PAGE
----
• 56% don't think Israel needs to take any action on Christian emigration from the country; 9% thought Israel should do something to stop it and 31% say that the state should encourage it.

                                                              ********************

Briefing reporters before the pope's visit, JCJCR director Daniel Rossing stressed the importance of inter-religious dialogue for society but also for the peace process. One of the flaws of the process, he said, was that the mainly secular actors assumed that to succeed, religion needed to be removed from the picture. Rossing believes this creates a vacuum that invites extremists to fill it.

On Christian emigration, Rossing said it was important that Christians continue to be a vibrant community and that "this not become a Disneyland of holy places without a living community. They can serve as a bridge and everyone stands to lose if they disappear from here."

-- Batsheva Sobelman in Jerusalem

Comments () | Archives (8)

REPLY.
paul tyler.christians have converted people world-wide and look what it has done for them, from a time when people still thought the world was flat,christians and their various methods were used primitive people converted their way of life lost and changed,why because they were thought of and treated as nothing better than slaves,their women raped the men beaten and killed and used as human jokes,desease brought by the greed hungry,and a way of life for ever lost/destroyed.and who brought these people to their lands,the christians.what gives you the right to tell these people or any-body else what they should think and beleive,that is some-thing that most sane minded people relate to the terrorists, who like to brain wash others into their way of thinking. thank you.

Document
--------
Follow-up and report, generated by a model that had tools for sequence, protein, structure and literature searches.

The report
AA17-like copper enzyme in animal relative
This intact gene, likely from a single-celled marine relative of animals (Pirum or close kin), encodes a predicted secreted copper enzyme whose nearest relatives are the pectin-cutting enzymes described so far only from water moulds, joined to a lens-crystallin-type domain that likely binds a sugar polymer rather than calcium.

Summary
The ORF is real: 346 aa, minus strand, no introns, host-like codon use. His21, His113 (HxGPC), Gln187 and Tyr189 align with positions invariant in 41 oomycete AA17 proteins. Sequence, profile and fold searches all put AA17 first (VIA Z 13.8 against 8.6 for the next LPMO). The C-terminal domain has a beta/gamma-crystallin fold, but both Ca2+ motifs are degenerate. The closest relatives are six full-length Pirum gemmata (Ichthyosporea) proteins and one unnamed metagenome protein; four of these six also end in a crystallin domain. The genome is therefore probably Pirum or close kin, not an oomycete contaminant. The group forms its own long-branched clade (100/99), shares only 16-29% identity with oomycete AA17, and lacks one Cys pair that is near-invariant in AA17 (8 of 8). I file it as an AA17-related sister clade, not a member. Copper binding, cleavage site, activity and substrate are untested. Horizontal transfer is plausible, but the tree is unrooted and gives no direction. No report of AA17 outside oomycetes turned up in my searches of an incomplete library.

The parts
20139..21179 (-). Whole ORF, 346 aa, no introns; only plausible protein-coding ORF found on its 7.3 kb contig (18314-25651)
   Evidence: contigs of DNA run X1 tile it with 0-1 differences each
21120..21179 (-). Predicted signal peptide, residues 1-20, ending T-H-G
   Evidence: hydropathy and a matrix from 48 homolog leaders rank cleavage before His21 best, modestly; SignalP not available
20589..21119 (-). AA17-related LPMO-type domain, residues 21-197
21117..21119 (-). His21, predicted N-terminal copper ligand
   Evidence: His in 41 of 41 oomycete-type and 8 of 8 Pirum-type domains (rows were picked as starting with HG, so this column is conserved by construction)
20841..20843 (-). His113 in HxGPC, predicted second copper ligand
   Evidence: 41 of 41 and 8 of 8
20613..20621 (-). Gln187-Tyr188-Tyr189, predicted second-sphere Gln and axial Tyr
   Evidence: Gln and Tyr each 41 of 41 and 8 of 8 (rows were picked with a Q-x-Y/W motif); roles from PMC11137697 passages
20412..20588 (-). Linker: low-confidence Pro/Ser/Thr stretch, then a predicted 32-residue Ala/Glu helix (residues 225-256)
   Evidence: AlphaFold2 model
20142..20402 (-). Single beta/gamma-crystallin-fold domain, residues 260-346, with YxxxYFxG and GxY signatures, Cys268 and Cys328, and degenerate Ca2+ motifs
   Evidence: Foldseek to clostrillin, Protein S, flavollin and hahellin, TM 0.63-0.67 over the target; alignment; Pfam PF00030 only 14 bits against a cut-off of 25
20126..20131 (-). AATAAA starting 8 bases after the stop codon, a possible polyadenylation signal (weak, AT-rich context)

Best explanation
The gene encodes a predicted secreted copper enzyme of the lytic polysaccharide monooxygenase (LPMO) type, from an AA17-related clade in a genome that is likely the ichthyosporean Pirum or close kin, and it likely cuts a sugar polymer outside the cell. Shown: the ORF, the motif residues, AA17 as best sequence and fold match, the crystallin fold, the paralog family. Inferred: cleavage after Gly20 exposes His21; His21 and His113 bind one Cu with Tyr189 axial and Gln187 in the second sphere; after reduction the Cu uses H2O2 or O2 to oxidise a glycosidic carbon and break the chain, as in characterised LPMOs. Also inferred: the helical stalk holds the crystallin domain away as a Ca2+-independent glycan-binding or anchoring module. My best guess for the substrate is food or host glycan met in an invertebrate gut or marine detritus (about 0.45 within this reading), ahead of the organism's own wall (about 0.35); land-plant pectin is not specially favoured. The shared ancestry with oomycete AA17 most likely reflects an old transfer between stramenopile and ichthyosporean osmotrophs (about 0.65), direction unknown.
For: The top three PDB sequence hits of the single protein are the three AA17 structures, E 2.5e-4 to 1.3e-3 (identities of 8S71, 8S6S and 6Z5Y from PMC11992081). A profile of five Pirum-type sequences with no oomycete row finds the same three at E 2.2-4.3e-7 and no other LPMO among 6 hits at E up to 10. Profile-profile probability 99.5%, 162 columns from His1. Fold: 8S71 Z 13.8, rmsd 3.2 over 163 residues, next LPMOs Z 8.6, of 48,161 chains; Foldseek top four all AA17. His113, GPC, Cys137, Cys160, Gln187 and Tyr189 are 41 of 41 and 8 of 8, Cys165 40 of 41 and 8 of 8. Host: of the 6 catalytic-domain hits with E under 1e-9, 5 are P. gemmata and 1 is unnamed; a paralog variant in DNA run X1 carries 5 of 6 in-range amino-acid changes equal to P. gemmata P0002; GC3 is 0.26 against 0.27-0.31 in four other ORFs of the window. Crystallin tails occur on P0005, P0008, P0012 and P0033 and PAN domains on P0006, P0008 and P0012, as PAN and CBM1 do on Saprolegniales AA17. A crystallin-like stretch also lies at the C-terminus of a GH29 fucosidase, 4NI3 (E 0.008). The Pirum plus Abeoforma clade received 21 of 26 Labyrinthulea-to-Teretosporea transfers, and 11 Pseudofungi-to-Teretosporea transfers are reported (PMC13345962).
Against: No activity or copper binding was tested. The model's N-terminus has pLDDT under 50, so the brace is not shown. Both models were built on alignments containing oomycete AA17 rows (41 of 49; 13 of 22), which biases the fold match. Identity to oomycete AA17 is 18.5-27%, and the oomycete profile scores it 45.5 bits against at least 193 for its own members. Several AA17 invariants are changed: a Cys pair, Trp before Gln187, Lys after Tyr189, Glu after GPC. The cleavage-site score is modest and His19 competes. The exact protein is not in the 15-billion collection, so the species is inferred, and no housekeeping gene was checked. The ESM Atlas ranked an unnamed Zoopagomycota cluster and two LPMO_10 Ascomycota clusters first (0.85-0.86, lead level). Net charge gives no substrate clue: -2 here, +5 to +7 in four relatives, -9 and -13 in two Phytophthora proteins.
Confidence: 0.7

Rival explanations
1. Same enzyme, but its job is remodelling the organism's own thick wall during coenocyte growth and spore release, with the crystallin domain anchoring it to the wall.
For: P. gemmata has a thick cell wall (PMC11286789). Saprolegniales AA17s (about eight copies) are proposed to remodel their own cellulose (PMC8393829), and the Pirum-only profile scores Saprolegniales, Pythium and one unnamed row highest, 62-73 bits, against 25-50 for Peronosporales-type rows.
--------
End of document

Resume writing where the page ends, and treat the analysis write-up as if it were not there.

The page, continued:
I do not encourage Christians to convert Jews to Christianity. Judaism has nothing in common with neither mulsims nor christians. Jews do not try to convert anyone to their religion. I would advise you to study all three religions and an answer for yourself wheither you have a right as a Christian to tell other religions that your religion is better.

One of the reasons we christians want to convert jews to christianity is because of the coming of christ. NO ONE can come to the father except through Jesus Christ , the one and ONLY Messiah. Jews don't believe he is the Messiah so they won't be counted as his children in the days to come. That is why we want to convert them to christianity. Not because we think we are better, but because Jesus is the only way to heaven. The path to destruction is wide and many take it, but the path to life is narrow and few find it(Matt. 7:13-14).

If we are not entagled with Israel, Judaism will die. If we entangle with Muslims, Christianity will die, too.

There are less than 15 million Jews in the world, and much more than a billion Muslims, and then there are the Christians and others. Shall we guarentee the rights of one and kill off the Jews? There is no question in my mind that that is what Muslims want.

This just goes to show that much racism still exists in Israel. There is much work to do before Israel will adopt the "multi-cultural consitution."

That's not George Washington "on Israel". Obviously, Israel did not exist at that time and it's misleading for you to quote George Washington in such a way.

I'm an Arab born in Bethlehem..a Christian. Now a citizen of the US and very happy I was able to raised my children in the environment. Much of my family now lives near Jerusalem...they feel safer than they do in Bethlehem. We visit them every Christmas.

The Jews are friendly to my elderly parents, often taking them to Church for Sunday services. Most of the Jews they live near are mostly secular or open minded about cultures.

George Washington on Israel


"A passionate attachment of one nation for another produces a variety of evils. Sympathy for the favorite nation, facilitating the illusion of an imaginary common interest in cases where no real common interest exists, and infusing into one the enmities of the other, betrays the former into a participation in the quarrels and wars of the latter without adequate inducement or justification." ~George Washington Farewell Address


"The nation which indulges toward another habitual hatred or habitual fondness is in some degree a slave. It is a slave to its animosity or to its affection, either of which is sufficient to lead it astray from its duty and its interests." ~ George Washington


"Peace, commerce and honest friendship with all nations; entangling alliances with none." ~ Thomas Jefferson